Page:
But wait, there’s so much more to explore in the realm of the odd that is this movie. There’s “Badder,” a remake of Jackson’s signature “Bad” video starring nothing but children. Children sporting five o’clock shadows and bizarre porn mustaches who spend way too much time grabbing their privates in an attempt to copy their older and all-too creepy predecessor. And if you’ve ever wanted to take a trip down the memory lane known as Ain’t He Fantastic Boardwalk, be sure to watch the interminable montage of video and audio clips that chronicle the amazing life of our star. You’ll think to yourself, “Why yes, I do remember the song ‘Thriller’. And yes, Michael Jackson did win a lot of Grammy’s. Goodness, what a life this one simple man has led. Why he’s the American Dream embodied!” Then you would, of course, throw up.

The crown jewel of this truly groundbreaking work of excess and ego-stroking is saved for last, and it’s in the form of a quaint little tale about Michael and his special friendship with a trio of children known as Katie, Sean, and Zeke. Once happy to toss a soccer ball (that’s right Michael, toss the soccer ball) amidst the greenest and sunniest valley ever to be recorded on film in human history, their days of bliss come to a quick end when our boy and Katie stumble upon the wicked den of Mr. Big. As played by Joe Pesci, Mr. Big is a teeth-gnashing weasel of a villain who wants to get everyone on Earth hooked on his oddly vague brand of drugs. He keeps track of his progress by placing live tarantulas on the different nations of a large globe, which seems a bit too complicated to me, but hey, I’m not a drug dealer. Anymore.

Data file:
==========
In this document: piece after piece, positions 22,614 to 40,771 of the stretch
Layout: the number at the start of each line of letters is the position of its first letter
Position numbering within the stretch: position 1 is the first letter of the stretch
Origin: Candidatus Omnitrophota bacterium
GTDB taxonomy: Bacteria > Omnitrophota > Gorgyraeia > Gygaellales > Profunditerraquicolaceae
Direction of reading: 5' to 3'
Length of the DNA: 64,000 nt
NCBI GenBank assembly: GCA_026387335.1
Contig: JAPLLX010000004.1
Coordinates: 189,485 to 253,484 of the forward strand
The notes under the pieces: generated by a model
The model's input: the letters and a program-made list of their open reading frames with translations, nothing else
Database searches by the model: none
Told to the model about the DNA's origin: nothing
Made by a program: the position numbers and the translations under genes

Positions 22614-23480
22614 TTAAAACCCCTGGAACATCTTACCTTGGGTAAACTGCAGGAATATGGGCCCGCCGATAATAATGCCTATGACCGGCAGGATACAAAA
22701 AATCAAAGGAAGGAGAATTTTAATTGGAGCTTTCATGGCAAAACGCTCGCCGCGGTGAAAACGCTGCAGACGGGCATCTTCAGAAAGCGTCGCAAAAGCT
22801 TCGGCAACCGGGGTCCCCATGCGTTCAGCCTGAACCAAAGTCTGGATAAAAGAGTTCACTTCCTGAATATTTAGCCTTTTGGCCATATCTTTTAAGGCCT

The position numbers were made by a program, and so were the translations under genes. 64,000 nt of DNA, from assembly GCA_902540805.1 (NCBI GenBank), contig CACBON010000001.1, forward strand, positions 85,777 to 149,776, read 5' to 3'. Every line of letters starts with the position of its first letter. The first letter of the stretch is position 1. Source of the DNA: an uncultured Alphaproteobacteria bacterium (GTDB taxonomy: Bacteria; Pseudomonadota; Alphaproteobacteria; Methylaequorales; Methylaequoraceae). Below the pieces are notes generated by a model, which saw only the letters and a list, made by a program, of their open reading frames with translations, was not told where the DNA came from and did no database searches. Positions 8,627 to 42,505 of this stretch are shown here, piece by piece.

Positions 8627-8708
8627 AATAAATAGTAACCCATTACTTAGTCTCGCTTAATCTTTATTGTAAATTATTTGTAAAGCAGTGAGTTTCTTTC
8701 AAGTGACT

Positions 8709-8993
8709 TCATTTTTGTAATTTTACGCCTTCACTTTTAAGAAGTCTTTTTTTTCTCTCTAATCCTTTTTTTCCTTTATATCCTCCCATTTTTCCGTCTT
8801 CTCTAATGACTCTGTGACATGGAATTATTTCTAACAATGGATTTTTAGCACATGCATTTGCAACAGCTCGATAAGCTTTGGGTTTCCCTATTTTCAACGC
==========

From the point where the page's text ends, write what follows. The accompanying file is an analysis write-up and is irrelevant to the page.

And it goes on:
So anyhoo, Mr. Big gets a little angry when he discovers intruders, so everyone is forced to run away to…the city. A city of undetermined origins, though from all the steam and towering brick buildings it would have to be…London? Yeah, let’s go with that, considering when they are in said city the children dress up as extras from the set of Newsies or Annie. Mr. Big is determined to see Jackson dead one way or another, but the magic of a lucky star allows our hero to transform into a variety of way-cool forms, including a race car, giant robot, and spaceship. Well, I say “including,” but that’s all he turns into, really, though it would have been awesome if he became one of those Magic Bullet contraptions and made everyone scrambled eggs right after finishing a batch of strawberry daiquiris.

Admittedly, there is some morbid fun to be had by watching this film with your jaw on the floor and absolutely no expectations whatsoever. But there’s just way too much going on here to ever keep your attention for long, and by the time the credits roll you just wanna turn off the television and listen to someone, anyone but Jackson sing. Oh, I forgot to mention the jazz orgy that appears to occur during the video for “Smooth Criminal,” wherein women moan and wail like alley cats…and dissolve into shots of slinky cats. Yeah, I’d make a filthy joke here, but it would be far too easy. Pick up an old copy if you’re prepared for pain. Otherwise, I’d ignore this film’s existence entirely.